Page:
#1: Fill up at half tank for fuel efficiency
This is related to a lot of factors, including gasoline’s tendency to evaporate at temperatures not much higher than room temperature, which reduces the pressure on the fuel line.
If you’d like to test this, next time you fill your tank all the way up, reset your trip-odometer. Drive the car until half tank, and fill it back up again, recording how much you put into your tank and your trip-odometer reading. Divide the miles driven (your trip-odometer) by the amount you put in your tank to get your MPG. Then, reset your trip-odometer and drive until your vehicle’s “Low Gas” light comes on, and repeat the earlier steps of computing your MPG. Half tank will consistently give you better numbers.
#2: Fill up when it’s cold outside
This won’t prove as dramatic as #1, but it helps a little bit. Gasoline expands when it heats up, providing less available energy per unit of volume. Gasoline filling stations in the US are not required to compensate for temperature variations when selling product to end consumers. However, Canada does. So another recommendation would be to move to Canada.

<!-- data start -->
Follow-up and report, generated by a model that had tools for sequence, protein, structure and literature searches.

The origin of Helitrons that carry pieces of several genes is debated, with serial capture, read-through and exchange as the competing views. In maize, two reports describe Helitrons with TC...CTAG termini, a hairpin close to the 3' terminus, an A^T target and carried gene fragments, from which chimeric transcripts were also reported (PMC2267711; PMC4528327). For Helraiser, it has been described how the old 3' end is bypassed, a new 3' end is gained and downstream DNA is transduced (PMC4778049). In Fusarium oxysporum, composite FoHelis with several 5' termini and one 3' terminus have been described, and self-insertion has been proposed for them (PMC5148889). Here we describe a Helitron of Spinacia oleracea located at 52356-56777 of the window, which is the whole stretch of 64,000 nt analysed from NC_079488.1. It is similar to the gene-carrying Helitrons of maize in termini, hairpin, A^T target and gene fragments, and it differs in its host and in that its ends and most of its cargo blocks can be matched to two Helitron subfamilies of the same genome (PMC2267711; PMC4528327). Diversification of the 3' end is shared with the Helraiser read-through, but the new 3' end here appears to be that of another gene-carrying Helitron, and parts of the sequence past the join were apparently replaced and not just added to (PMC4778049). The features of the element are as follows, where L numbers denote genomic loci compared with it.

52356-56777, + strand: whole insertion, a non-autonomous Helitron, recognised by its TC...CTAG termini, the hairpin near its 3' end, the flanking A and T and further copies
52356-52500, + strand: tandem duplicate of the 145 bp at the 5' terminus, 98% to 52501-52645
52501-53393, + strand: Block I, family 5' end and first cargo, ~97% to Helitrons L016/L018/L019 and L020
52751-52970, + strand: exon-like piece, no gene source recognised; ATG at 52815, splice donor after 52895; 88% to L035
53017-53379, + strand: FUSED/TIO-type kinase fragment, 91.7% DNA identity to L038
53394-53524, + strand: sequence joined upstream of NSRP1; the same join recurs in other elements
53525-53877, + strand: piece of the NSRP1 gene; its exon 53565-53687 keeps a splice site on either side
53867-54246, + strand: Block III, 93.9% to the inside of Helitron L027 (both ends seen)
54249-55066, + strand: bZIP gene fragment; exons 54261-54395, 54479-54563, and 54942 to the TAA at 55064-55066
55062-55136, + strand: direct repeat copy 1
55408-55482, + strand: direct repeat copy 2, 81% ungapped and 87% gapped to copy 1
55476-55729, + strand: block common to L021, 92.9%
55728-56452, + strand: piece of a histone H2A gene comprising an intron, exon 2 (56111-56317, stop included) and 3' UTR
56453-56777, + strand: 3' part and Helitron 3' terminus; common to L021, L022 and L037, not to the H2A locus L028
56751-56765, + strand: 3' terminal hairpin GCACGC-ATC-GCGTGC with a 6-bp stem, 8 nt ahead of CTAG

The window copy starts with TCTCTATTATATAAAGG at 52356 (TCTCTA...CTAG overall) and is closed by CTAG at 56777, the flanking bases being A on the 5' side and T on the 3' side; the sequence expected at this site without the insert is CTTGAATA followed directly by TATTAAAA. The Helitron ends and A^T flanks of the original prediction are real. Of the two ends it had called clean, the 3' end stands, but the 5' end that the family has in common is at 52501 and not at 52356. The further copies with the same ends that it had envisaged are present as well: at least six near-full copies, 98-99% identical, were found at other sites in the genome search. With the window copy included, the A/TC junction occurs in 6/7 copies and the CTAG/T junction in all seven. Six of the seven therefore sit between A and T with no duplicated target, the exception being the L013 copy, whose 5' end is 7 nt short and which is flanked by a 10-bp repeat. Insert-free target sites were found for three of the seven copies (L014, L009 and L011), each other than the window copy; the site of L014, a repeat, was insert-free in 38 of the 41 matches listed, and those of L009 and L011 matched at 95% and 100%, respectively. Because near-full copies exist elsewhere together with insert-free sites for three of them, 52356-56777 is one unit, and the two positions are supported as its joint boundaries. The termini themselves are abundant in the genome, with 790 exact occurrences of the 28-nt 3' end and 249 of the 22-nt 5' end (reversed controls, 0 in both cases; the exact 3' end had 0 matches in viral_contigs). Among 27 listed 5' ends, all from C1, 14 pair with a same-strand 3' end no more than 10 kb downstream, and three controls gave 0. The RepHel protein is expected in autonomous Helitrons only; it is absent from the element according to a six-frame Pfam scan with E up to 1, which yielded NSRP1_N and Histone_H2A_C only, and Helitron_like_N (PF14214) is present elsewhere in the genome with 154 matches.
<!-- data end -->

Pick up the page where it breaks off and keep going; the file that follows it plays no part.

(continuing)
#3 Don’t worry about preferring one brand of gasoline over another
Different brands of gasoline don’t make as much of a difference as the Gas company’s marketing wings would make you want to believe. The additives are the only thing that make much of a difference, and just how most people can’t tell the difference between Pepsi and Coke, your car won’t notice much of a difference. The US Government mandates minimum requirements for gasoline additives, and you’d be surprised that a lot of what you find at the pump has nothing but a generic additive (even for branded gasoline locations). For example, up until about 2-3 years ago, pretty much all gasoline sold in the Central Florida area had nothing but the generic additive in it. Except that ExxonMobil is special. Their gasoline had 2x the generic additive as everyone else (it’s amazing how true this stuff actually is…).